Everyone likes a bargain, a reality that explains the persistence and allure of coupons and discount codes.
But technology has evolved coupon clipping from a tedious, physical task to a source of instant gratification, both online and in brick-and-mortar stores.
Because digital coupons are easily accessed from mobile devices, they have gained cachet among customers on the go. They're a recognized source of value — for shoppers as well as for marketers seeking a meaningful connection to customers.
A Way to Say 'Thanks'
Shoppers are not only acclimated to retail offers: They tend to expect them.
Take loyalty programs, for example — which have a longer history than many of you may imagine. As CMSWire contributor L .N. Balaji, president of Paramus, N.J.-based ITC Infotech (USA) Inc., explained, the idea of customer loyalty dates to 1793 when a US merchant started giving out copper tokens that could be collected and exchanged for items in the store later.
"This rudimentary practice was lost in the course of industrial developments, until 1981, when American Airlines launched the first full scale loyalty marketing program of the modern era with frequent flier miles. The airline industry was the first to adopt this practice and it took another two decades for the system to become a necessary part of retail business."
Today, customers tend to expect businesses to offer some type of loyalty program.
Give 'Em What They Want
According to the most recent data available from Colloquy, a publishing, research and education practice for loyalty professionals, loyalty memberships in the US and Canada jumped by 26 percent to 3.3 billion from 2012 to 2014. But the survey also found many loyalty programs lack clarity and ignore what customers truly value.
"They often fall short of meeting consumers’ needs for utility and reasonable time to reward, lack true differentiation and struggle to keep pace with technologies that are emerging at a staggering pace," the report noted.
What to Do
One approach is to find relevant ways to show genuine appreciation for your customers. A coupon, for example, associated with a reward level is a natural “thank you” to customers — and smartphones have made offering those coupons especially easy to offer, especially to customers on the go.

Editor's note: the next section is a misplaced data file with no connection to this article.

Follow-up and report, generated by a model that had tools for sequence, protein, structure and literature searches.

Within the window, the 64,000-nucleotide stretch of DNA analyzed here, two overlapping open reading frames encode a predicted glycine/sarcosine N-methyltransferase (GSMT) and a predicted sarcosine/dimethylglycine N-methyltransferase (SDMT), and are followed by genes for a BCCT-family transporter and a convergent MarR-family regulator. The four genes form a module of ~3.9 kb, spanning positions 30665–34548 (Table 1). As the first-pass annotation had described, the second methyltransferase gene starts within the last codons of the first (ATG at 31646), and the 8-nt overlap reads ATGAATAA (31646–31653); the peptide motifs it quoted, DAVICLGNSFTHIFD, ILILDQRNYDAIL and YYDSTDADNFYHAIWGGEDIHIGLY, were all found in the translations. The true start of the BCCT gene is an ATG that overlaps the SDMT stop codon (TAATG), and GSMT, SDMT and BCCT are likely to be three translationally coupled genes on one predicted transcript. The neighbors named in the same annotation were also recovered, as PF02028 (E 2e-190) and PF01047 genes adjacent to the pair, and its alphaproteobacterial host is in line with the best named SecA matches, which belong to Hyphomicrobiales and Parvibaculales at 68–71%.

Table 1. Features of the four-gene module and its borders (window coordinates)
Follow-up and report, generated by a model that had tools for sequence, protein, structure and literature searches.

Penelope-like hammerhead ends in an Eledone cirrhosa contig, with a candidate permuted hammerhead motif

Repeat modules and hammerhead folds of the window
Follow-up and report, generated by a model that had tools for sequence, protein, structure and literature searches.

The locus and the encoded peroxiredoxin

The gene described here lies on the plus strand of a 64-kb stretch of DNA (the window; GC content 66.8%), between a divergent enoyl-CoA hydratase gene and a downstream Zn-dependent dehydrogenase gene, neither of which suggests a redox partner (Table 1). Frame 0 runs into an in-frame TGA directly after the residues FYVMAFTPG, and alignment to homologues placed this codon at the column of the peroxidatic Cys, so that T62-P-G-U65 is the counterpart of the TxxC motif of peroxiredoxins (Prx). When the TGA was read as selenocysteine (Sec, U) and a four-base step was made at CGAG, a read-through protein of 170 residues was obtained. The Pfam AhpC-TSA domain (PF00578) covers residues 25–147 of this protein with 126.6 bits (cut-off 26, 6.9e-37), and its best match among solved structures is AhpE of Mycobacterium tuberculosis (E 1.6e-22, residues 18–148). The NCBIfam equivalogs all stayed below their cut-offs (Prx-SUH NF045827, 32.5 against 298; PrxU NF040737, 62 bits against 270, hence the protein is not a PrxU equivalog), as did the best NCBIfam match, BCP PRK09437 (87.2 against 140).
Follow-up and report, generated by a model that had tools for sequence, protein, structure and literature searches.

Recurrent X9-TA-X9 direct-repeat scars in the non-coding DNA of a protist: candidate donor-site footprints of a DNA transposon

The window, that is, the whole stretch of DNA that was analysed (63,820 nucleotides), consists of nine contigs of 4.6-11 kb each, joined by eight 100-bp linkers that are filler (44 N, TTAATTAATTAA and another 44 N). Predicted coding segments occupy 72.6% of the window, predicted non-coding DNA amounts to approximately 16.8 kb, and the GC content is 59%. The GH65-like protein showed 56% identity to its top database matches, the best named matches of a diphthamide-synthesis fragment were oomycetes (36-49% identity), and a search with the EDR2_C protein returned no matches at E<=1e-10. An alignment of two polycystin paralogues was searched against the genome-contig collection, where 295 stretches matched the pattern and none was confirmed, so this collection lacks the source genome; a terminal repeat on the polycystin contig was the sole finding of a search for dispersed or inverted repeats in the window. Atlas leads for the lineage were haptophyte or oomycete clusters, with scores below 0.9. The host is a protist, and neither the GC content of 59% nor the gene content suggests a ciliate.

It’s no secret that smartphone users like digital coupons. Chain Store Age explained that concept in a 2012 post, which noted that four our of five smartphone users access retail content through their phone.
And the surge of mobile coupon usage has been steady since 2014. For example, eMarketer estimated in 2014 more than 100 million customers would use a digital coupon.
Other firms have begun to confirm the degree that digital coupons are integral to mobile customer behavior. The International Council of Shopping Centers (ICSC) reported in its Holiday Consumer Purchasing Trend study that getting coupons was among the top reasons shoppers gave for in-store mobile use.
Enhance Conversions, Boost Sales
A coupon strategy integrated into a number of overall digital marketing campaigns may be the best bet in attracting fence-sitting customers into a retail store. They enhance a number of activities along the path to purchase.
Apps that contain coupons, for example, can aid the customer purchase path. Many retail apps, such as that of Walgreens, include coupons in their offerings, allowing coupons to be used while shopping in-store.
Such in-store strategies serve as a complement to showrooming, which involves researching products and prices in a store and then pulling out a smartphone to check reviews or search for a better price online.
Having a coupon available can tempt shoppers to buy on the spot instead of submitting an online order, especially if it is a personalized appeal. Since these digital coupons go directly to the customer, they also make it difficult for competitors to adjust or match the price, since they don’t see the deals being offered.
The coupon opportunity is further strengthened with in-store beacons, which are increasingly important in alerting a customer to in-store offers.
Juniper Research notes that beacons are expected to deliver 1.6 billion coupons annually by 2020. Thus, mobile coupons with beacons take advantage of smartphone-owning customers propensity to act, being an impetus for trying a new product or to head towards a nearby store.
Coupons are also influential in addressing cart abandonment. Clickz noted that abandonment rates have been rising over the past 5 years. The inability to find coupons has been highlighted as one of the top issues that lead to cart abandonment.
To make the most of a coupon trial campaign, retailers can add an analytics tag to the coupons or a related landing page.
Custom variables can also be used for tracking response to several groups of coupons organized across several campaigns.
Incorporating analytics tracking can reveal how well a given campaign succeeds, particularly with personalization involved. For more on personalization, check out my post How to Get the Price Right: Personalize It.
Shoppers love getting a great price on a purchase. Digital coupons on mobile devices address that in a very personal way, potentially improving the customer experience, reducing time to conversion and improving the conversion path.